I empathize with my classmates on cutting glass. I am not used to cutting intricate glass pieces, but I do have a few years of experience using glass cutters. My classmates have had three 2-hour classes to learn how to cut their glass pieces with very little instruction in how to do it. And while I learned several tricks that seemed to work on my particular pieces, several times I tried to help a classmate and failed in really helping them. Inside curves and sharp points are the hardest. Perhaps if we had all known what could be accomplished in a short time, we could have chosen patterns more appropriate for getting started. I feel very lucky to have already had some basic skills.
Despite my head start, it still took me a very long time to cut and grind my pieces to an acceptable level. I still do not completely understand just how tight fitting the pieces need to be, but as I am foiling and assembling and noticing gaps, I am developing a better idea. If I had more time both in and out of class, I would recut several of the pieces. However, I am also interested to see what happens when I solder the pieces with gaps, so perhaps better for this first one to just leave as is and see what happens.
While cutting has been very challenging for all of us, foiling is simpler. Today as my hands were busy foiling, my mind escaped back into memories of a past hobby – figure skating. I skated in the era of actually needing to do the figure eights and while most skaters preferred jumping, I loved the figure eights. They were the epitome of a challenge since you needed to first skate a perfect circle and then figure eight after which you needed to trace that line exactly two more times. It was wonderful! With foiling, your goal is to add the foil centered onto the edge of glass so that when you fold over the edges of the foil on either side of the glass, you have an even amount on top and bottom. Sometimes I beat the challenge and sometimes not.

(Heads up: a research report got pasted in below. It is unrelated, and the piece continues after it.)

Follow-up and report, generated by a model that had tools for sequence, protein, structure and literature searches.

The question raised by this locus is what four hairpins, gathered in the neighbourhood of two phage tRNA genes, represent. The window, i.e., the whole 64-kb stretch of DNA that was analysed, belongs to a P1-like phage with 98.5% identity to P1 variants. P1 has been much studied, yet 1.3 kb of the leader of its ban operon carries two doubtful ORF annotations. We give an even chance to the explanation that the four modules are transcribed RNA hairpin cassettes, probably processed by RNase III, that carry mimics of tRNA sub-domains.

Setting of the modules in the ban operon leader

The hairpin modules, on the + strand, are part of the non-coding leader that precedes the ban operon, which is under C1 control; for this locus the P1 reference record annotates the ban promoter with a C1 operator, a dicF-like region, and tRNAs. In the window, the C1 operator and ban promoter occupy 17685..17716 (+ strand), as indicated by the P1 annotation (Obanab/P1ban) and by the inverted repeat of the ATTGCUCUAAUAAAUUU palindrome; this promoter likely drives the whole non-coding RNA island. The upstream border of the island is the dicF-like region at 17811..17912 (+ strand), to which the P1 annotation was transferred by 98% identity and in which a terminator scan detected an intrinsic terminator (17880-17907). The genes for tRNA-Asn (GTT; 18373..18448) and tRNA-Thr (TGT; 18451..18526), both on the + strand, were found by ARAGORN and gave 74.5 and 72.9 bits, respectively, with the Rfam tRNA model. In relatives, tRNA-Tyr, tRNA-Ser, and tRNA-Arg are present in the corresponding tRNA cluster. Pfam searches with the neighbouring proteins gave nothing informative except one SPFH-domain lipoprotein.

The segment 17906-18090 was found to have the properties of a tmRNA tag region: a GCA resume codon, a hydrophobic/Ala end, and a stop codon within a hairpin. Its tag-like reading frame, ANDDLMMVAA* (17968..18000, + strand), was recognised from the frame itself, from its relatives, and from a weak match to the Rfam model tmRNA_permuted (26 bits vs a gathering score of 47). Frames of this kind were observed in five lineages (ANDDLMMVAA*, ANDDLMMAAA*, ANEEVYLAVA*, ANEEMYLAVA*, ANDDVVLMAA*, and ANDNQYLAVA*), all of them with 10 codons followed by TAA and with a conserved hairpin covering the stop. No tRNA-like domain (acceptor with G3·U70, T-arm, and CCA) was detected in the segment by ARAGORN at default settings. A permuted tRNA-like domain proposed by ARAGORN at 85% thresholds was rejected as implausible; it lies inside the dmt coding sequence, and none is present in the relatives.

Some lessons learned from foiling:
- Don’t overwork the foil. Every time I thought I could smooth it out better and kept working it, I ended up tearing it.
- The syllabus called for a foil burnisher, so I had bought one. When demoing, the instructor indicated he preferred to use a sharpie pen or something round, to fold over the foil on the glass sides. But I tried the foil burnisher and it really worked well for me. I would recommend one.
- Larger pieces were much easier than the smaller one. I could not figure out where to hold the smaller pieces such that I was not prematurely pushing down the sides of the foil.
- Reading glasses were required to really see the glass and the foil – yes, another sign I am getting old!
I have not finished foiling, so you will notice some missing pieces, but here is a picture of my work in progress. Next week we solder!